Lillian Kawasaki dies at 62; L.A.'s first environmental affairs chief

Lillian Kawasaki, a veteran Los Angeles city administrator who spearheaded major initiatives to protect air and water quality as the first head of the Environmental Affairs Department, died of cancer Thursday at her home in Long Beach. She was 62.

Her death was confirmed by her husband, Craig Carter.

An environmental scientist, Kawasaki was named general manager of the Department of Environmental Affairs in 1990 by Mayor Tom Bradley. In making the announcement Bradley said she was the first Asian American to be appointed as a department chief, although others had served as acting heads.

During the decade she served in the post, she oversaw a $3.5-million budget and launched a number of programs, including a clean air plan, an environmental justice program and an initiative to clean up contaminated property.

"She knew more about environmental cleanup and protection opportunities than anybody else in the city. So she went out and figured out how to make them real," environmentalist and former Los Angeles City Councilwoman Ruth Galanter said Friday.

"The amazing thing about what she did," Galanter noted, "was she ran it almost entirely on outside money," mainly federal grants.

The department was dismantled in 2010 as part of Mayor Antonio Villaraigosa's budget reduction plan.

Kawasaki was born in Denver on Sept. 17, 1950, the oldest of three children of Toshio and Sekiko Kawasaki. After the Japanese attack on Pearl Harbor, her mother was incarcerated along with thousands of other Japanese Americans at the Manzanar internment camp near Lone Pine, while her father was sent to the Amache camp in Colorado. He was released near the end of the war to join the Army.

She said her father inspired her public service career.

"When I asked him why he joined the Army, he said, 'This is about service to your country and because it's the right thing to do,' " she told the Long Beach Press Telegram in 2012.

In addition to her husband and father, Kawasaki is survived by a brother, Glenn, of Seattle, and a sister, Nancy, of Elgin, Ill.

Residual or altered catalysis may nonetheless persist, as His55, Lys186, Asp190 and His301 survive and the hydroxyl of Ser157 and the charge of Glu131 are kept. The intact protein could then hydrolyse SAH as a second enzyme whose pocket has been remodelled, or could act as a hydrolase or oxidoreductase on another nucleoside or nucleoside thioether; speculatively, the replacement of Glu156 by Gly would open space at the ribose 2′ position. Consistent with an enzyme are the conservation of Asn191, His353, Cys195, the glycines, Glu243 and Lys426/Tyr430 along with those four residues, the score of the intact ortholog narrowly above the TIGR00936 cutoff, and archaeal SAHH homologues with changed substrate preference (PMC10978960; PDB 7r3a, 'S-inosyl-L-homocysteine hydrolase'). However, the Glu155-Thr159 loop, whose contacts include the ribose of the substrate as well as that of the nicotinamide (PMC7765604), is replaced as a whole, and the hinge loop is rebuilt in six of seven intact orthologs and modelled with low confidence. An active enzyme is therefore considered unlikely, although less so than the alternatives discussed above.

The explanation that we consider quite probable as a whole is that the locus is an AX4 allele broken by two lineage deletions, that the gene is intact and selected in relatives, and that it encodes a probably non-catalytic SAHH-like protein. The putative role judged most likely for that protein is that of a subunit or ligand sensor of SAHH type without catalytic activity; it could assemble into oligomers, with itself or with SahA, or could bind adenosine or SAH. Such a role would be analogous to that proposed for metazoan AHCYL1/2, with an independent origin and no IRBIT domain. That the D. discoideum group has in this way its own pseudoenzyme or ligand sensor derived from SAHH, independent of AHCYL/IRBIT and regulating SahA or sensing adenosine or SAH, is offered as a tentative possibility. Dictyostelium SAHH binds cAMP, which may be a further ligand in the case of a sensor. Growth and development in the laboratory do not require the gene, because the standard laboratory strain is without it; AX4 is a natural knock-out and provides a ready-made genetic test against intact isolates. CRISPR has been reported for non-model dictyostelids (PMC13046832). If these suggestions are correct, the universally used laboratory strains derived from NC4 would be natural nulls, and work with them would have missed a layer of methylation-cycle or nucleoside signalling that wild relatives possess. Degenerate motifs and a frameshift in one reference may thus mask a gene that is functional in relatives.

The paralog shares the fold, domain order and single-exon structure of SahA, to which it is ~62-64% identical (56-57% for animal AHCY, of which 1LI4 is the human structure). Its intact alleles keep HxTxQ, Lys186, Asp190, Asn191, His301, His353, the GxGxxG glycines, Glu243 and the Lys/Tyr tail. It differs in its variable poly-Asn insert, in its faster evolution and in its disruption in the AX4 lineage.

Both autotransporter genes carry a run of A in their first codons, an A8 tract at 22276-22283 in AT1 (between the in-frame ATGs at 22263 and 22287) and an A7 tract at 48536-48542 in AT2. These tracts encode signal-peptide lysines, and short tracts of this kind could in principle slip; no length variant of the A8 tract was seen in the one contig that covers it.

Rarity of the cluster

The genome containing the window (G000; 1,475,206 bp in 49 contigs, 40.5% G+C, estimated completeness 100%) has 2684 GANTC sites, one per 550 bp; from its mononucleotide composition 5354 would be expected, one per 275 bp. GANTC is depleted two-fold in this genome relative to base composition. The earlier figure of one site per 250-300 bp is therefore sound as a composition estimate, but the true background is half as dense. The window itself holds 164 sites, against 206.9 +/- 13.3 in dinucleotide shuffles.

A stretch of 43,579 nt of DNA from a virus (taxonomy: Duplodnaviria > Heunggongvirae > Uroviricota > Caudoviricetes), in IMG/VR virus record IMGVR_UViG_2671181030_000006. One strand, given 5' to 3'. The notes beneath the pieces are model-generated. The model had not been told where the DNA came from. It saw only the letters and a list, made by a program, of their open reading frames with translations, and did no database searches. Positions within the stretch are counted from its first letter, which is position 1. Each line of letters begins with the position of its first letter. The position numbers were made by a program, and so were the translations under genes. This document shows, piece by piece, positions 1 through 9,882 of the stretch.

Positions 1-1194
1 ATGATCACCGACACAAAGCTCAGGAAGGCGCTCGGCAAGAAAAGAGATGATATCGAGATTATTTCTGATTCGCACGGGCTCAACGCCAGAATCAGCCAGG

Kawasaki attended Cal State Los Angeles, where she earned a bachelor's degree in zoology in 1974 and a master's in biology in 1980.

In 1978 she joined the Port of Los Angeles as a marine environmentalist. She spent 12 years there, eventually heading its environmental management division before leaving in 1990 to launch the Department of Environmental Affairs.

In 2000 she was named head of the city Community Development Department, where she managed 500 employees and more than $300 million in federal block grants and other public funds for neighborhood and business development.

She became assistant general manager of environmental affairs and economic development for the Los Angeles Department of Water and Power in 2003. Her responsibilities included overseeing the Green L.A. program, which encouraged businesses to invest in renewable energy.

After retiring in 2008 she remained active in water issues, including serving on the board of the Water Replenishment District of Southern California, which manages groundwater for nearly 4 million residents in 43 cities.

She was also a cofounder of Friends of Manzanar, a volunteer organization that supports the Manzanar National Historic Site.

Last year, after decades of working for elected officials, she waged a vigorous but unsuccessful campaign to become one herself. With her cancer — which had been diagnosed in 2010 — in remission, she threw herself into the race for a seat on the Long Beach City Council.

"You could not persuade her to take it easy," Galanter said. "She was convinced it was an important thing to do."

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